Fun with ProQuest: Black middle class tries to help

From “D.C. Frontiers, Inner-City Renewal Project, Will Open Soon: Inner-City Renewal Housing Project to Open Soon” by John Saar, Washington Post, 8/13/1973 pC1
Quick abstract: Black businessmen and other AfAm professionals in the form of non-profit DC Frontiers Inc, build, at a financial loss several (and after sever set backs) townhomes at 14th & S, 11th & M, & 11th & N for low income families.

You can still walk by those townhouses today and after 30 some odd years you could say that the project was a success. In the article there was expressed concern that the surrounding decay would undermine the goals of the project. There was a problem with theft while the building was getting built, some snafus that added to construction expenses and there was this inflation thing going on in the 70s. Despite all that the buildings got built stable families got in them and they survived the Crack Barry years and the gentrification.

According to the article, DC Frontiers Inc was more successful than RLA (Redevelopment Land Agency). The difference between the two (besides one being smaller and non-govt) was DC Frontiers aimed for low density and homeownership whereas RLA was high density and rentals, which would be “recreating the old ghetto conditions.” The Frontiers houses aimed for something the high rise apartments for poor families wouldn’t have, a living room for the parents, play room for the children, a small yard, space for living.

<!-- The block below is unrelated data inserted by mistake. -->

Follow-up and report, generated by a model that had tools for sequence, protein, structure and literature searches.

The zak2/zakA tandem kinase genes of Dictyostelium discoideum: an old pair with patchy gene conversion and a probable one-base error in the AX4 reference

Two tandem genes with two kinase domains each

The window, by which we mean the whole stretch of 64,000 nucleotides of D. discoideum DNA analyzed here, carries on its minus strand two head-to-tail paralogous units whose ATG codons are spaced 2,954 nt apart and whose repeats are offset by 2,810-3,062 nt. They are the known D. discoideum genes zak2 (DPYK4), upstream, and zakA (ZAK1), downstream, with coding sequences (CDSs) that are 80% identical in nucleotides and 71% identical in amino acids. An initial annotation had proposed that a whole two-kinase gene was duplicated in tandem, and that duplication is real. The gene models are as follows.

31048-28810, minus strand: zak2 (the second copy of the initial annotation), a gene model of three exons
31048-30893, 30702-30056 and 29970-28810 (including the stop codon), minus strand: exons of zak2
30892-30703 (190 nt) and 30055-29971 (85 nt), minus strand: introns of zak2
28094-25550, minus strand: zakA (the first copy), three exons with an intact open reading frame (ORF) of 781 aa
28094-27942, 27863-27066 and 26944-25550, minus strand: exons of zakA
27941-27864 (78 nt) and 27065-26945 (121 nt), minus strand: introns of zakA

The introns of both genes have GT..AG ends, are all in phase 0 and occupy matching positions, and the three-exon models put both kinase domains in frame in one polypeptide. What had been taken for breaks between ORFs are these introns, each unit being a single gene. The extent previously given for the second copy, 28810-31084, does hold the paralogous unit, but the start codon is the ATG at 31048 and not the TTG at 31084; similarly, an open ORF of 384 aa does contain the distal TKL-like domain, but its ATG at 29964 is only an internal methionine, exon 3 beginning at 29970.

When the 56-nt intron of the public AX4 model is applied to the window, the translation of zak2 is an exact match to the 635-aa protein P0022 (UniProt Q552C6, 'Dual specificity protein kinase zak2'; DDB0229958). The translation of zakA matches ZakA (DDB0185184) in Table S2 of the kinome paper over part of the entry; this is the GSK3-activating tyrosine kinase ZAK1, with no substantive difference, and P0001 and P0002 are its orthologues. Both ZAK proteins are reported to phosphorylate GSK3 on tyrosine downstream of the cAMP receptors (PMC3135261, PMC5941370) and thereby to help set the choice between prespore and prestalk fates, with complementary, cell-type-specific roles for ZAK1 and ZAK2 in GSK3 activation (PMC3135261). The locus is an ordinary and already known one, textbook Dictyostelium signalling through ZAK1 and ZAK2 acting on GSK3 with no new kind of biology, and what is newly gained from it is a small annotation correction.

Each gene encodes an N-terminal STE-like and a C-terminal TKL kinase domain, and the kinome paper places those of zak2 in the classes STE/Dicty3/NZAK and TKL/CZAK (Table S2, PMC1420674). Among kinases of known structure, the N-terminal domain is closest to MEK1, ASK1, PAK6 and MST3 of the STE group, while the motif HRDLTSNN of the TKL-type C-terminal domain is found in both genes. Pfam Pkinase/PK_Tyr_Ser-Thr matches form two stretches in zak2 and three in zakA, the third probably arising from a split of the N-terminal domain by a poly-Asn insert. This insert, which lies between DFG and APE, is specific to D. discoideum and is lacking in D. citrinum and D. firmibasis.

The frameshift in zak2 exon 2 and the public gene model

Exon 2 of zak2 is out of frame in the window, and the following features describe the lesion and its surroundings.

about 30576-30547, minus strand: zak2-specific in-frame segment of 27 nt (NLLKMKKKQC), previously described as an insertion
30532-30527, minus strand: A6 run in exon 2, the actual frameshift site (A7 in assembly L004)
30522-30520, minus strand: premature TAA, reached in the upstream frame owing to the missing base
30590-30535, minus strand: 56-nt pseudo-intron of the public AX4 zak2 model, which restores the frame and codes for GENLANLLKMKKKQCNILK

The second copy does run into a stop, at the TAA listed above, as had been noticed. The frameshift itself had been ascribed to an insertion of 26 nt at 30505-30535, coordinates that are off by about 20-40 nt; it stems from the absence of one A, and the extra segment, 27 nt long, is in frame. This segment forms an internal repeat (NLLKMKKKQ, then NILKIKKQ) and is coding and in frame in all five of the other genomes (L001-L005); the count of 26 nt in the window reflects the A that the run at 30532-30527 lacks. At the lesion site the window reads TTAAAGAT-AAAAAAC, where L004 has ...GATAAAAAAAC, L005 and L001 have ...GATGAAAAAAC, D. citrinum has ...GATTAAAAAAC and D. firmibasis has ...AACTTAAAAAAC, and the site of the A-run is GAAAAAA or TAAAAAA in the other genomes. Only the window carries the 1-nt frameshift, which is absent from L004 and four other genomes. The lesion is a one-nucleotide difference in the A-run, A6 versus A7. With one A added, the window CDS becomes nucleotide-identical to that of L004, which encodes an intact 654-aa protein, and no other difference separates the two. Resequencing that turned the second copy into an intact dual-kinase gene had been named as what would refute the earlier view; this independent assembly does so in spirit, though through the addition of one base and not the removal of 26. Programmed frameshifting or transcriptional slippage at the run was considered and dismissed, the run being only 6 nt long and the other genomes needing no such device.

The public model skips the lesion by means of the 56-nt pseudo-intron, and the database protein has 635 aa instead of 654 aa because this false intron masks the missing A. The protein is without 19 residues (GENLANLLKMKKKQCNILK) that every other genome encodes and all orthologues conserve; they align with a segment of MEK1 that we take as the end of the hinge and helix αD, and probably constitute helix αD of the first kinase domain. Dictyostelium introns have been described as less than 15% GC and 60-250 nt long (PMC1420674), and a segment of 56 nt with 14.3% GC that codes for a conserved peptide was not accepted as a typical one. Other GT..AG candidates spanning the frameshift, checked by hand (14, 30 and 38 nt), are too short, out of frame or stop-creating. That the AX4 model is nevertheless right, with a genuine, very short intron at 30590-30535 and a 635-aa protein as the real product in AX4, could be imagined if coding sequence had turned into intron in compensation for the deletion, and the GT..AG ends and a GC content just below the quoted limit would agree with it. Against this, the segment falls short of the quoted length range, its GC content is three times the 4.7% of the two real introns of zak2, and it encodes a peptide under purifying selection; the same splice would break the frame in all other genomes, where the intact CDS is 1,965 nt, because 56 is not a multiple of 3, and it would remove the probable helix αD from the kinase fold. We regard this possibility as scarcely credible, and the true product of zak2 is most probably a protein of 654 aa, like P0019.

The black middle class I write of were doctors, lawyers, Realtors and such who sponsored the construction costs of building the houses. They wanted to do something to help rebuild the area and they did by offering an alternative. As I mentioned RLA was aiming for high density high-rises, which solves the problem of putting roofs over peoples heads, but does little in stabilizing black families and helping them build wealth.

Frontiers sought to ‘reseed’ 14th St NW with families with low but steady incomes who paid their rent on time and turn those families into homeowners. Candidates were chosen by what sounded like the lottery method, and had three years after moving in to decide if they wanted to buy. There was a monetary deposit that in 2007 dollars is $1,604.16 and the option of taking a 25 year mortgage.

Another form of criticism in the article I see aimed at RLA that was a problem then is probably a cause of development problems now (or not, it’s an opinion). RLA costs were ‘unnecessarily’ high because the project bought a lot of commercially zoned land for residential purposes. For you kids who don’t know, commercial lot is way more expensive than residential lot. Both could be the same in every way, one is more expensive. Fast forward to 2007, hey guess what is sitting on the commercial strips of 7th?

8 thoughts on “Fun with ProQuest: Black middle class tries to help”

  1. Land that should be higher density mixed use (residential/retail) due to it being near metro, and the need for development in Shaw. And land that should be mixed income to dilute concentrations of poverty in one area.

  2. I know the homes you mean at 14th and S, across from the garden shop, and always wondered about them.